Flat Earth Misconceptions
Though it seems difficult to comprehend, there are apparently still people who, in all seriousness, believe that the world is flat, and all evidence presented to the contrary is just part of a huge conspiracy. The recent documentary “Behind the Curve” follows the lives of a few prominent flat earthers (the Flat Earth Society of course takes issue).
On the other hand, there is a flat-earth misconception that many scientific skeptics hold: that is that prior to Columbus, even well-educated people thought the earth was flat (and that the Roman Catholic church considered that the idea of a spherical earth was heretical. On the contrary, as explained by science historian Thony Christie :
Back in the third century BCE the astronomer mathematician Eratosthenes from Alexandria determined the size of the sphere using the angle of the sun’s shadow and a bit of basic trigonometry. He achieved a fairly accurate result, its accuracy depends on which Stadia (an ancient measure of length) you think he used; we don’t know for certain. Other geographers and astronomers also determined the size of the earth’s sphere; all arriving at reasonable ball park figures. Ptolemaeus, in his Geōgraphikḕ (Geography) also determined that the known land area the oikoumenè, Europe, Africa and Asia, stretched over 180° of the earth’s surface from east to west.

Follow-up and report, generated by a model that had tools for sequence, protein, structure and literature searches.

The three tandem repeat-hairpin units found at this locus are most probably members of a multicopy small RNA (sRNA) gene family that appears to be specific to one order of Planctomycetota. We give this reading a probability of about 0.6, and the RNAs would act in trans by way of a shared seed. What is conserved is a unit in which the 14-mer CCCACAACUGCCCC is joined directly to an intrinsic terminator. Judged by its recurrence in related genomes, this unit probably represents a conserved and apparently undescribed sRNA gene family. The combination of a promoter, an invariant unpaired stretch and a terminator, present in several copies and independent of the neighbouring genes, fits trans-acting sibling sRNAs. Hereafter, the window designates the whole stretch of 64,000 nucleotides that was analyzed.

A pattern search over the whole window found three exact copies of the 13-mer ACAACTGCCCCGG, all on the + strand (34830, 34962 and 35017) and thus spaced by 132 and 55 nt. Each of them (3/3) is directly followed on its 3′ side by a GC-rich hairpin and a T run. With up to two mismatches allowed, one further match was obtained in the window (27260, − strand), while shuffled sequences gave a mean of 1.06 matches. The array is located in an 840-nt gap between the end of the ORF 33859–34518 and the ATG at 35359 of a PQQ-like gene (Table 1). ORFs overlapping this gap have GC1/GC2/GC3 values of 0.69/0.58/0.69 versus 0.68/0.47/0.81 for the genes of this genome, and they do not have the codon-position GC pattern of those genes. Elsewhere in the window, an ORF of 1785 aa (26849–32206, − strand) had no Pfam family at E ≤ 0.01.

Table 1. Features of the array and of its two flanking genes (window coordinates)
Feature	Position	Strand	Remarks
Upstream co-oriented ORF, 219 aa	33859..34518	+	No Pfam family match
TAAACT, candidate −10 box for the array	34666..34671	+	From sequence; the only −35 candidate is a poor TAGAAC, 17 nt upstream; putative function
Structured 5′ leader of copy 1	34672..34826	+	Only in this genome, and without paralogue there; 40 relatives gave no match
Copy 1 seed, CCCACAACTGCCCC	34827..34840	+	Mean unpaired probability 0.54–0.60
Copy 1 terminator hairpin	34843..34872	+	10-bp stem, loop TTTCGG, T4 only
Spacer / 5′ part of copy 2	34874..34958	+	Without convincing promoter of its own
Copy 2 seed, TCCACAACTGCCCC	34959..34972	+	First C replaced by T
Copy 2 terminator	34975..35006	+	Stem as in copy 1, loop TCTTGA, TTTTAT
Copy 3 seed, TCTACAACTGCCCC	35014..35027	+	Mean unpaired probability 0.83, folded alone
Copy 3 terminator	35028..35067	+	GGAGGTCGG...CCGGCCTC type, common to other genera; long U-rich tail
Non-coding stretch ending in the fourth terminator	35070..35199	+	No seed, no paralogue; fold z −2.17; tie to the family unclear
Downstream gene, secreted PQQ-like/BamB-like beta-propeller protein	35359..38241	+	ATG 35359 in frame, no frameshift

In the High Middle Ages, Europe regained this knowledge, largely via the Islamic Empire through Spain and Sicily. The standard European university astronomy text Johannes de Sacrobosco’s De sphaera mundi, written in the twelfth century CE, contained all the standard Greek arguments for a spherical earth including the lunar eclipse shadow, ship breasting the horizon and the change in visible asterism travelling from south to north. There existed no doubt amongst the educated in the Middle Ages that the earth was a sphere.